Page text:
Bendy And The Baer

It is possibly unfair to try to compare Bendigo to other boxers with whom we might be more familiar. However, what is unfortunate for Bendigo, is that technology was not there for him. The invention of film allowed us to get to know boxers more personally. Facial features, fighting style, and personality are all aspects we can find out about regarding any boxer after the 1900s but, when it comes to Bendigo, we are not that spoilt. We must rely on articles, books and sketches. Owing to this, it seems more natural to use more current fighters to get a better feel for past pugilists and that is exactly what the New York Times did in 1935.

John Kieran, was a sportswriter for the New York Times and would go on to become a Hall of Fame sports broadcaster and a regular face on US television. His article in 1935 had the headline.

“Bending Backward From Baer to Bendigo”

“Here. Read about Bendigo. He must have been the Max Baer of old England” cheerfully declared a gentleman as he dropped a hefty book onto Kieran’s office desk.

That book was the famed “The Story of Boxing” by Trevor Wignall. In the book, which covers many 19th century old British bare-knuckle boxers, it describes Bendigo as a “Pugilist, Harlequin, and Revivalist”. It is the word ‘Harlequin’ that really grabs Kieran’s attention as to what the cheerful fellow was suggesting.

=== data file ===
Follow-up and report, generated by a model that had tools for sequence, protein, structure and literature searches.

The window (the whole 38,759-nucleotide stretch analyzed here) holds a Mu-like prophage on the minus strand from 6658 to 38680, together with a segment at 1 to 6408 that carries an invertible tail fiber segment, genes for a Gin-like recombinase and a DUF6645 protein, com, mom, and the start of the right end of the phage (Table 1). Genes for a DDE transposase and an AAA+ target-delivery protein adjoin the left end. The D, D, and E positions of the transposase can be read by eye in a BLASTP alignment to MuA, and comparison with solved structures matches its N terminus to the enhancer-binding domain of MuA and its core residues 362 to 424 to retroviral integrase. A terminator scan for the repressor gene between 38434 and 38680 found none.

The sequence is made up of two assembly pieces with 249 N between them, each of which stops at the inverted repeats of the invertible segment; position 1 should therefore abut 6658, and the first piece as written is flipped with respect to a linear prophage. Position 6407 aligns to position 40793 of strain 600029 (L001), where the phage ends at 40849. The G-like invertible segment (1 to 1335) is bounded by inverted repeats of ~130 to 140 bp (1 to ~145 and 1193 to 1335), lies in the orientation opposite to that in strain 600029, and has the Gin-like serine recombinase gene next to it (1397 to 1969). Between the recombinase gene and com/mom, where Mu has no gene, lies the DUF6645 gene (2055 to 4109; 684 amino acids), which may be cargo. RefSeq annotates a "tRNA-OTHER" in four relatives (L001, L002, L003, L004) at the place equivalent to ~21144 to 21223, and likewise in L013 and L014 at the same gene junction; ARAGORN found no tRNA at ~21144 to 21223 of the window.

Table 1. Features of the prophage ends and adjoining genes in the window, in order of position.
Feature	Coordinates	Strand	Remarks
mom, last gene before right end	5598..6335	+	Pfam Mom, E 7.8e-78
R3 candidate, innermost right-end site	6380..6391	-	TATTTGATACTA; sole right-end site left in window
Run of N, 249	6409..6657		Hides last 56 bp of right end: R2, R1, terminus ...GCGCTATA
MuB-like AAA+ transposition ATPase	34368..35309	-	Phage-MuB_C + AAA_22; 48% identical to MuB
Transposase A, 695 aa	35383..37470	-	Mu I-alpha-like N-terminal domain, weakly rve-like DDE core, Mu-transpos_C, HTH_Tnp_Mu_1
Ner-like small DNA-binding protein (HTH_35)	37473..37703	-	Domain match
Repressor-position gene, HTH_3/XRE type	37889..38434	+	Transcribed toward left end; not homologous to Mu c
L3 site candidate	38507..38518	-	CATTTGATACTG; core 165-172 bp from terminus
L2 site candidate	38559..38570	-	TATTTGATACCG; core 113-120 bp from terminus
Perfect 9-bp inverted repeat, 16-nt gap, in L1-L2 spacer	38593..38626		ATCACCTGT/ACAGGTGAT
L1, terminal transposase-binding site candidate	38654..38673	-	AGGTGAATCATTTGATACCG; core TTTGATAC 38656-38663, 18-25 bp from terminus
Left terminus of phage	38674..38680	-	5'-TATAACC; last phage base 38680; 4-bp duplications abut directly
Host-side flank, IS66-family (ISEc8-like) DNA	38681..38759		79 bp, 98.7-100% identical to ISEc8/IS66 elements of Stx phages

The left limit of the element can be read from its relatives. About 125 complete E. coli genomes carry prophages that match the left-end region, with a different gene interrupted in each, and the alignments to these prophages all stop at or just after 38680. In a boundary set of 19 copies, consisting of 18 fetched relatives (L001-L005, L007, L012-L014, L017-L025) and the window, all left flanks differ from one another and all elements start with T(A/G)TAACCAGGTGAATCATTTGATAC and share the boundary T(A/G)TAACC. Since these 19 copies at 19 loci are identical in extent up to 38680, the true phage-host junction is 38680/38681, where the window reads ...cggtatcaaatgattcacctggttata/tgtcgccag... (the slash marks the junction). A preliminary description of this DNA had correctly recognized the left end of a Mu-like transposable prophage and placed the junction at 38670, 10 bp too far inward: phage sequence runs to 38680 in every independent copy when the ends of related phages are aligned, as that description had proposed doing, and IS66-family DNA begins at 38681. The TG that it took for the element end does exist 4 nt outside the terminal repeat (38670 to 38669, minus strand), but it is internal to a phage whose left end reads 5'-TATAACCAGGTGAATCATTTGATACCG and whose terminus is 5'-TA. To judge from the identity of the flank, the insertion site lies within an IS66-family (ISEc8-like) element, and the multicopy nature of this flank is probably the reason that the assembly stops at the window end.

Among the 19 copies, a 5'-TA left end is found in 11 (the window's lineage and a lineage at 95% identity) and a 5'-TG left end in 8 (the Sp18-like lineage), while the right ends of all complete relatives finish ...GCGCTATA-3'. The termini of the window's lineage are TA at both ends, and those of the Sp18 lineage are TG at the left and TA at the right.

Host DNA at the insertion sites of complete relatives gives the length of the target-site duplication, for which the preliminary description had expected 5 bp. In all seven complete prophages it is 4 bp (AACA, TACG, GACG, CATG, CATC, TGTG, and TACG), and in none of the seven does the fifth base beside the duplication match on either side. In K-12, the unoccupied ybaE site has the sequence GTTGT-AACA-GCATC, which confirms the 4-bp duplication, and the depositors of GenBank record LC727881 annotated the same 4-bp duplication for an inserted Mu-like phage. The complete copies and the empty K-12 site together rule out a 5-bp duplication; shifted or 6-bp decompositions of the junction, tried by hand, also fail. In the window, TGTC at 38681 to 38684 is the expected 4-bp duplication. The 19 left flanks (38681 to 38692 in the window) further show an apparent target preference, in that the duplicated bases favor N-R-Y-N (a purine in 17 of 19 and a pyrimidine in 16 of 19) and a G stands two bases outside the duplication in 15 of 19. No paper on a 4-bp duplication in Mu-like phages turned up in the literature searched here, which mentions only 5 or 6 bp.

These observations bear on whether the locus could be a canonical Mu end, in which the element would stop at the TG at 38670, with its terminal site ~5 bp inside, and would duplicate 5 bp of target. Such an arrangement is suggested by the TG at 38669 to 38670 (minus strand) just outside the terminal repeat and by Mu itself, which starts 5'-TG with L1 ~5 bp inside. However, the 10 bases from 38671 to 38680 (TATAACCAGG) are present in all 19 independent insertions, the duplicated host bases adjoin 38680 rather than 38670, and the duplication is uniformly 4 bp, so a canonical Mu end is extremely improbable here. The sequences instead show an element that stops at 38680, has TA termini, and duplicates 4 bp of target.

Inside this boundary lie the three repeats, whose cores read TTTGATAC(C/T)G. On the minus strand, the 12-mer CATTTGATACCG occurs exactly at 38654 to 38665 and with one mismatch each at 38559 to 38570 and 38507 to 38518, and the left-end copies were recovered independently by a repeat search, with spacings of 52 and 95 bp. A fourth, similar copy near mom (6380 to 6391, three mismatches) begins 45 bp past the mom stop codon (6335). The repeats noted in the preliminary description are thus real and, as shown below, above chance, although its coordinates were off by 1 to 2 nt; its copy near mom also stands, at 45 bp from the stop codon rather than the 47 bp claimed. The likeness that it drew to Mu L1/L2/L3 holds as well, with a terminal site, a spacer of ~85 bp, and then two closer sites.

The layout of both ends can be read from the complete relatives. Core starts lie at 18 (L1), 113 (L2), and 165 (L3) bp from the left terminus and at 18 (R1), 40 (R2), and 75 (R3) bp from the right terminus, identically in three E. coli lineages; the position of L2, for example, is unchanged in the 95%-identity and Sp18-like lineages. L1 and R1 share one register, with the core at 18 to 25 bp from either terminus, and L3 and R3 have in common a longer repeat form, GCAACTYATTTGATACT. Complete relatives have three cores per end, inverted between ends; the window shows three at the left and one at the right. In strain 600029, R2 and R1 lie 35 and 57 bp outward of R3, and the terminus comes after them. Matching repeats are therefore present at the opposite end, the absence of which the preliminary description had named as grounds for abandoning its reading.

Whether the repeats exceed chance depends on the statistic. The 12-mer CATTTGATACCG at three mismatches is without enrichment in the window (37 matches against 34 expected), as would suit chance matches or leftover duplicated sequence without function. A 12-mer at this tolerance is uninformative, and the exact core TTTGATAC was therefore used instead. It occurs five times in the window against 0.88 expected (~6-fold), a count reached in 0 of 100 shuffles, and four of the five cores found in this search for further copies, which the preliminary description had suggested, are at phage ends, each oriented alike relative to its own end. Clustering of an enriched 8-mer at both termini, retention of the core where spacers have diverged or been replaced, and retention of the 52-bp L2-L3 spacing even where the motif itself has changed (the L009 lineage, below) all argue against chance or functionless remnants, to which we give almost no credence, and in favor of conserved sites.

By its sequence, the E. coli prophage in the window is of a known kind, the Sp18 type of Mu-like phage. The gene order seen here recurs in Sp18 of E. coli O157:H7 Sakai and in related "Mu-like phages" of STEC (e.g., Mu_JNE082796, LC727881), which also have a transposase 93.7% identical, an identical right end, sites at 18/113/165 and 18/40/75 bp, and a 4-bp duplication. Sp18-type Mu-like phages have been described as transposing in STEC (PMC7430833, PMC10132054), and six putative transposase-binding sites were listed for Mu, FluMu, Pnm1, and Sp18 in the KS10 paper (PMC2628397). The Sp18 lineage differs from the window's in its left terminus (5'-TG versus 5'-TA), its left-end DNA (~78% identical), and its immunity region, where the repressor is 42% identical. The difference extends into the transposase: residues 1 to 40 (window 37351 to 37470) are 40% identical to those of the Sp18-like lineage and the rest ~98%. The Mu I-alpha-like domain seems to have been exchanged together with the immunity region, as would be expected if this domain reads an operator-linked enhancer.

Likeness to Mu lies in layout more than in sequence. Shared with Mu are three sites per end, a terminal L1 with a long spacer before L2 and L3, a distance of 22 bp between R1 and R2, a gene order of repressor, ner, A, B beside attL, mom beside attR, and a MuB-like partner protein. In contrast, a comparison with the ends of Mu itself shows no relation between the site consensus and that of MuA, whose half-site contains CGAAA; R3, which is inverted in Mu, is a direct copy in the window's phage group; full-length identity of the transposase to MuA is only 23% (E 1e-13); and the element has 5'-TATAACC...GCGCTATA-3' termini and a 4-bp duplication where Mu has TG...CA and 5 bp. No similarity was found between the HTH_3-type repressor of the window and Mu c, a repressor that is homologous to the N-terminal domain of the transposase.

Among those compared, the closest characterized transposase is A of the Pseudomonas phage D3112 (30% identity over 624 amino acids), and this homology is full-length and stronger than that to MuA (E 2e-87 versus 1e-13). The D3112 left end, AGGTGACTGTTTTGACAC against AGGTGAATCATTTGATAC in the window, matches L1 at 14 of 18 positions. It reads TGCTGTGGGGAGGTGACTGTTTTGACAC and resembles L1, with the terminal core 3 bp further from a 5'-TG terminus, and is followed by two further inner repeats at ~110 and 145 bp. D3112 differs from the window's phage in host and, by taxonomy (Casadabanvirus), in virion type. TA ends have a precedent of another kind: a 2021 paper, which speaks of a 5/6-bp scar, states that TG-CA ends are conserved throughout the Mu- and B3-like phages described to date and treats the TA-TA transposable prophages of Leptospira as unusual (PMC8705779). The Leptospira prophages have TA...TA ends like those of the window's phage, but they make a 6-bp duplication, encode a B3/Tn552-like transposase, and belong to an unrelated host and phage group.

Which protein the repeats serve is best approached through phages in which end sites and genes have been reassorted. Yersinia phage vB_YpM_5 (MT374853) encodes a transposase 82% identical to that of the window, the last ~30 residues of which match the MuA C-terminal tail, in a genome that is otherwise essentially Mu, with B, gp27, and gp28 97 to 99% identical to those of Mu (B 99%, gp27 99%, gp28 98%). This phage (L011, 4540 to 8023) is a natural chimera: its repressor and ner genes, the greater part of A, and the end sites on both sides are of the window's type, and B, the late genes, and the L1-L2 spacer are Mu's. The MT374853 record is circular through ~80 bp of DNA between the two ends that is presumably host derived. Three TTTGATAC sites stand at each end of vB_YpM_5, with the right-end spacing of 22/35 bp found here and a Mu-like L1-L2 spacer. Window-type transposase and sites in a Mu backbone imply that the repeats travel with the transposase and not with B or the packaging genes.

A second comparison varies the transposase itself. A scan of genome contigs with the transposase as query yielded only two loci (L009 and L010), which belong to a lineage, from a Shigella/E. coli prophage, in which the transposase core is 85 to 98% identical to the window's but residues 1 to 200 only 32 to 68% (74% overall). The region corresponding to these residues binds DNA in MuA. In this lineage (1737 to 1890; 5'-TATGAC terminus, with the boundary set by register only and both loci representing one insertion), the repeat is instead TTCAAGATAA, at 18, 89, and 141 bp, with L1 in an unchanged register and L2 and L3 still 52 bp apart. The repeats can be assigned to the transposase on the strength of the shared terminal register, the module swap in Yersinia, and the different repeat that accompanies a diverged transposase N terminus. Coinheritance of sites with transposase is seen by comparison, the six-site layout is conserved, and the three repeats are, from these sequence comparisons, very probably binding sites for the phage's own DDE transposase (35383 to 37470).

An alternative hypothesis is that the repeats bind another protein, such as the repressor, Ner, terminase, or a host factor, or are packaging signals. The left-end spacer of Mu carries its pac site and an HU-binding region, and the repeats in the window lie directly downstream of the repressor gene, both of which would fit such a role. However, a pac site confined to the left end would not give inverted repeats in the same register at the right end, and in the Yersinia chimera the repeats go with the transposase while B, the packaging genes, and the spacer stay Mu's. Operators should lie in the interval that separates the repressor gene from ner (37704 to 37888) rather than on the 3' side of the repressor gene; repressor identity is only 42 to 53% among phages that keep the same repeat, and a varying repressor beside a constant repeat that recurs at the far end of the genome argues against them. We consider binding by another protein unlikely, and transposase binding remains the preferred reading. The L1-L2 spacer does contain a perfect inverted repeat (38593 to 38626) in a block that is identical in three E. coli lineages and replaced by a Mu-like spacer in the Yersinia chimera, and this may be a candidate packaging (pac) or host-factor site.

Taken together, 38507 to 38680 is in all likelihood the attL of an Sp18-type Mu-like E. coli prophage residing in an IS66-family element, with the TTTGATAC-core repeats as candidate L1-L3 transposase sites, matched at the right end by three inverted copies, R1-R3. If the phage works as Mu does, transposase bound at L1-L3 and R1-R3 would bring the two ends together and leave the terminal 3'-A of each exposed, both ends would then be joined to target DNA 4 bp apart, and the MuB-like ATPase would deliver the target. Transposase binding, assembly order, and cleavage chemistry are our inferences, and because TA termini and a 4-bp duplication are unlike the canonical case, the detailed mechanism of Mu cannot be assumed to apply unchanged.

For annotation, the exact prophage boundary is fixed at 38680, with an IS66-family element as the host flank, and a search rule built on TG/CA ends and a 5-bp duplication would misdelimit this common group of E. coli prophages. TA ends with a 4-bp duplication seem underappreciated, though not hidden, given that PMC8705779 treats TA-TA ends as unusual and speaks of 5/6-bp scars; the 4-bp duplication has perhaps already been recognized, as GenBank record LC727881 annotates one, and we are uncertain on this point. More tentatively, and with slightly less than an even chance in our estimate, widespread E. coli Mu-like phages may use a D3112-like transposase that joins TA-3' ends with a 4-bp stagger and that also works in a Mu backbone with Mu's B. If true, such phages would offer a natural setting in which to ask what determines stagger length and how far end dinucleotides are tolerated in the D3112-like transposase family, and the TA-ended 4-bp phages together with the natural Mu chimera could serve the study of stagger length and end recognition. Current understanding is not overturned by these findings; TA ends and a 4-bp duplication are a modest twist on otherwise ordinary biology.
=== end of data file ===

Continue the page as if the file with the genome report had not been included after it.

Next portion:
At the time of New York Times article, Max Baer (the ‘Clown Prince of Boxing’) was the heavyweight champion of the world.

Baer was a remarkable character who enlightened America during a time the country was rocked by the Great Depression. He was an old school American heart-throb, an eccentric, a joker, and sadly misunderstood. (Hollywood’s depiction of Baer in the film ‘Cinderella Man’ is quite inaccurate).

Bendigo was also a very colourful character.

Many people during his fighting career referred to him as the ‘Nottingham Jester’ and every article you can read about him describes him as being eccentric.

Bendigo was a master at taunting his opponents, he would dance around them, pull silly faces, reciting rude rhymes, calling his rival ‘a big chucklehead’- the crowds loved it.

When Bendigo retired from the prize ring, he began to enter a particularly dark time in his life, which involved too many pubs and cell bars. However, he would turn his life around when a priest would grab his attention with the story of David and Goliath. Bendigo replied,

‘I should like to know more about that David bloke. He must have been a good’un for a lightweight’.

A notable example of Baer’s mischief and jest was before his world title fight with the ‘Ambling Alp’ Primo Carnera, he sneakily plucked a hair from Carnera’s chest as if it was a garden daisy and said “He loves me!”. He then managed to grab another before the man mountain realised what he was doing and said “He loves me not!”, reporters present were rolling around laughing.

Carnero and Baer

Kieran suggests that the Bendigo comparison is perhaps a lazy one and that he could equally be likened to ‘The Fighting Marine’ Gene Tunney, who twice beat the famous Jack Dempsey and middleweight king Mickey Walker. Interestingly, they both had a history of saving people from drowning, which Bendigo did numerous times whilst fishing on the Trent river in Nottingham.